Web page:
An example of that is seen by how the Philadelphia 76ers, who had post-ups represent 10.2% of their offense in 2020-21 ,were the only team in the NBA that went into the double-digits in percentages. Just five seasons prior in 2015-16, when we were right at the beginning of the three-point revolution, there were five teams that had 10% or more of their offensive possessions come in the low-post.

The trend away from the utilization of post-ups by pro teams and a push towards motion and perimeter play will mean that the sophomore from Belleville, Illinois will be used in different ways at the pro level. During the prior season, we saw some glimpses of how comfortable our subject is working on the perimeter, as there were several occasions where he was asked to hedge, close and switch on the perimeter.

In those opportunities, the Ohio State sophomore showed plenty of promise. Despite him being a bigger player, there’s a lot of mobility shown as he’s able to move his feet well both vertically and horizontally, which obviously helped in the instances where he was asked to move away from within the paint.

An example of this is evident in the play below as he starts the possession by doing a great job of hedging on Chaundee Brown to stop his progress as a ball-handler and force a pass. After shuffling his feet down to go back to his man Austin Davis, he moves back up to the perimeter to come up and try to pressure Franz Wagner, who throws a feed inside to Davis once Liddell slid his way up to the perimeter.

Was that the best decision for him to make? Probably not. However, his work in that clp shows that he’s mobile for a player of his size, knows the best angle to take to hedge, and was able to get back to his man in a quick enough fashion. All of those tools can make you optimistic that he can do it at a pro level, whether that’s college or NBA.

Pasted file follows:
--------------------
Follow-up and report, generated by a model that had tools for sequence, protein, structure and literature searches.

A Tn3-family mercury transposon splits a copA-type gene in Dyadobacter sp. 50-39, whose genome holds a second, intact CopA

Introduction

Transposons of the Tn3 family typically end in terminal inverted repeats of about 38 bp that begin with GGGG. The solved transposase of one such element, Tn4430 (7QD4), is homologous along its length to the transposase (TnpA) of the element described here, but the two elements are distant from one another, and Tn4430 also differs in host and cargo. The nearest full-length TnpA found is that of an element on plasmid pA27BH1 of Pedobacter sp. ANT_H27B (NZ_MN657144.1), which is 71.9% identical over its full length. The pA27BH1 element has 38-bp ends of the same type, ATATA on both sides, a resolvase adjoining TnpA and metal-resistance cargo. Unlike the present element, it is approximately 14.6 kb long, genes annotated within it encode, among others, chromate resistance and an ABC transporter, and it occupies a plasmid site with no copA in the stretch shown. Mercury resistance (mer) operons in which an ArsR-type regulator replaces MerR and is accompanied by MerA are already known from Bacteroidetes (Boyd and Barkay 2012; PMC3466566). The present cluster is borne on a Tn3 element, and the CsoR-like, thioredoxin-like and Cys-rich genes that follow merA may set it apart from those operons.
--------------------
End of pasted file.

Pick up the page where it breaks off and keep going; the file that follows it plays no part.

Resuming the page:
Sticking on the perimeter, he’s also shown glimpses of being able to switch onto wings and defend in space. When it comes to his knack of switching, it’s definitely a work in progress as there are clear strengths and growth areas for him. In regards to the positives, Liddell is able to to move his feet and use his length to stay in front of guards or wings that are trying to use dribble moves to get an open look. An example of that is seen in the clip below as the Ohio State forward does a great job of staying on Ron Harper Jr. despite him creating a lot of distance with a step-back move.

Now in regards to growth areas, defending in space is one element of concern. When he’s asked to defend off-ball on the perimeter, Liddell tends to ball watch and figuring out the correct angle to use to stay in front or on the hip of his man when they’re driving to the paint.